PELRB Says Workers Will Have Their Day In Court, After All

In the summer of 2012, more than 1,000 workers in the Executive Branch saw their paychecks change.  With the ease of writing a memo, the Manager of Employee Relations, Matt Newland, notified state agencies and the SEA that the State was going to change how they were compensating employees for overtime work done on certain shifts, and completely eliminated shift compensation for a group of law enforcement supervisors within the State’s prisons.  The change prompted the SEA to file grievances and to seek arbitration over the issue as the change violated the collective bargaining agreement.  The SEA also filed an unfair labor practice (ULP) charge due to the fact that wages are a mandatory subject of bargaining and changes to them should have been negotiated, in addition to the fact that the contract should have been followed.

In January of this year, the Attorney General’s office, in its effort to represent the State in this case, agreed that it would follow the contractual resolution process and as such, the SEA agreed to temporarily “stay” the ULP it had filed.  After several months, the arbitration was eventually scheduled for September 4th.  But what happened on that day stunned SEA staff and struck a devastating blow to these workers that had waited so long for their issue to be resolved.  Instead of keeping their January promise, the AG’s office blocked the resolution process by not attending the arbitration at all!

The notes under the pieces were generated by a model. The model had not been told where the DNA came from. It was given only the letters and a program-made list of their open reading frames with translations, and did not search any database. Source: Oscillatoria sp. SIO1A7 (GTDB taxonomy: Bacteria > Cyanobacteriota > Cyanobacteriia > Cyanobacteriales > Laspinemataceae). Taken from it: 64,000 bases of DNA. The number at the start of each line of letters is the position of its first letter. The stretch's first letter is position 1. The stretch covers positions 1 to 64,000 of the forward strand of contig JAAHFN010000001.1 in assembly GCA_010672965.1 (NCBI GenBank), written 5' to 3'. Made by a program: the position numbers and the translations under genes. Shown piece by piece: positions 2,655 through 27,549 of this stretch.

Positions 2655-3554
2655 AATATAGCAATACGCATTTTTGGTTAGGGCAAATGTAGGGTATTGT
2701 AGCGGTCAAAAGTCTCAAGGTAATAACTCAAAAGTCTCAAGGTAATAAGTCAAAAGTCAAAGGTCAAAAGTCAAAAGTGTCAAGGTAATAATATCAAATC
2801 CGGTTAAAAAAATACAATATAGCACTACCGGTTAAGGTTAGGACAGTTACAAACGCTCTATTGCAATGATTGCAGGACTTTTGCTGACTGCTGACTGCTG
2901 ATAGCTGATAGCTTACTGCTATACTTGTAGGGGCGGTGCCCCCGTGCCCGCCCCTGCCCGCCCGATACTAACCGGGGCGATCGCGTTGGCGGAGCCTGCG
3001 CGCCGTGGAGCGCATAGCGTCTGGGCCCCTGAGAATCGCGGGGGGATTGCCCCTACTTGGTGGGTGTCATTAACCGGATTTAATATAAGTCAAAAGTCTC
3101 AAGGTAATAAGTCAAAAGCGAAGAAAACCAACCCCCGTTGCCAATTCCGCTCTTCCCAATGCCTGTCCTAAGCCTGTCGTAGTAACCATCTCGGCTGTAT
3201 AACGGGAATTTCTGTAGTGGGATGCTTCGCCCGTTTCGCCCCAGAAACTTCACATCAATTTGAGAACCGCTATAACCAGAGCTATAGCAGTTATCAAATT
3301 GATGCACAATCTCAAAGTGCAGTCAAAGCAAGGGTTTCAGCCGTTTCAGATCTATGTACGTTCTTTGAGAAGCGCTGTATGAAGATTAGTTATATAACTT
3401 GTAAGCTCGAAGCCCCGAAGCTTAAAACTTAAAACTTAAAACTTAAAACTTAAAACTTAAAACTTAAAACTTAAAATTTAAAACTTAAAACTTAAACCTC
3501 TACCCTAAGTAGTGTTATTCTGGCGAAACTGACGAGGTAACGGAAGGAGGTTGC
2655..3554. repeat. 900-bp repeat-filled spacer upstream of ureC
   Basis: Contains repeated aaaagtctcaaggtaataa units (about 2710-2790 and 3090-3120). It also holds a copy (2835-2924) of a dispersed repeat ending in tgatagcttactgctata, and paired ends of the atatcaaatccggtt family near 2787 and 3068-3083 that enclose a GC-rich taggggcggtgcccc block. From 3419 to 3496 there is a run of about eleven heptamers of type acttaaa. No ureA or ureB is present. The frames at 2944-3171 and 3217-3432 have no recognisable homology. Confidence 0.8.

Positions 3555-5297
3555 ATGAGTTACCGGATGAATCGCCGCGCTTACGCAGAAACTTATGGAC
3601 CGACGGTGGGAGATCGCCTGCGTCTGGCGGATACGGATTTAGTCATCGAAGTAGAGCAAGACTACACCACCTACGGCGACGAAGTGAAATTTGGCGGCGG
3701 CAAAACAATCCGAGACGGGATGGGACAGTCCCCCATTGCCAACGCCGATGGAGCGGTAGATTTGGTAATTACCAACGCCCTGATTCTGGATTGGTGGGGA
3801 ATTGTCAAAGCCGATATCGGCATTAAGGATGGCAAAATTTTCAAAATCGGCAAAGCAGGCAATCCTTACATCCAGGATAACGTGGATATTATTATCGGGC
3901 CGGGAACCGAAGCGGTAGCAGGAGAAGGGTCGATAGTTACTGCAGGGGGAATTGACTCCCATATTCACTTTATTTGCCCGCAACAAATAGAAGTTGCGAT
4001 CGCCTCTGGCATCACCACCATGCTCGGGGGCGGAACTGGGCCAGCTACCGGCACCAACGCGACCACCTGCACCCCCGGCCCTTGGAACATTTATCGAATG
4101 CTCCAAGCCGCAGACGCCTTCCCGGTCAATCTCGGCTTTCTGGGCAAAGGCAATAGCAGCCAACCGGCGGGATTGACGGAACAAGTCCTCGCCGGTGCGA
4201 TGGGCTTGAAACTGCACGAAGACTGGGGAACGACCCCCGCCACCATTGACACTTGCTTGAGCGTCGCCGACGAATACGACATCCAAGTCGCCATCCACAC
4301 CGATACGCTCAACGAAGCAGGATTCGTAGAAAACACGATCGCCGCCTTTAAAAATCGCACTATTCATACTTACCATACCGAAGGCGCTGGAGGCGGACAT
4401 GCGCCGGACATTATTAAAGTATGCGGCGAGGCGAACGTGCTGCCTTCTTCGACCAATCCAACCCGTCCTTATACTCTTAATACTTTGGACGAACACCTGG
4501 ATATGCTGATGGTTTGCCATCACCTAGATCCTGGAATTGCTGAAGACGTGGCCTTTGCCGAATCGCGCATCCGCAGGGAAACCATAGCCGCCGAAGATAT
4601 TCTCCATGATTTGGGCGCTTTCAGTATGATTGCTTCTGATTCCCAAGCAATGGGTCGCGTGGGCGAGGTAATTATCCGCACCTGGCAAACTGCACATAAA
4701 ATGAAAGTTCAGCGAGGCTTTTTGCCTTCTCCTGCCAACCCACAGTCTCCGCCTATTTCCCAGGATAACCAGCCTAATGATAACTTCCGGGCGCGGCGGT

“It was really heart wrenching to see the shock on the members’ faces.  They had been waiting for months.  They had been telling their kids that things would get better soon because they thought they were nearing the end of this fight to get back what had been taken from them,” said SEA President, Diana Lacey, who then authorized a second ULP charge to be filed.

Yesterday, that second ULP charge resulted in an important order.  “Both parties are ordered to proceed with scheduling and conducting binding arbitration on the shift differential dispute.  The merits of the issue and remedy are included in this order.  The arbitrator previously selected will be used.  And the arbitration should take place sometime in December or January,” said Lacey.

The SEA will proceed as planned, with witnesses and documentation, to support its claims that these workers’ wages were changed in violation of the contract.  “I know these workers are hurting and the AG’s pattern of delaying resolution of these kinds of matters – contract violations – cannot be tolerated,” said Lacey.  “People are waiting far too long for justice to come.  It is disgraceful that workers are treated this way.  If they were private sector workers and employers weren’t paying them what they were owed, state officials would be on the evening news promising to help those workers be made whole.  Just because you are a public worker, doesn’t mean you can be treated like a second class citizen.  I hope this order marks the end of the AG’s delays.”

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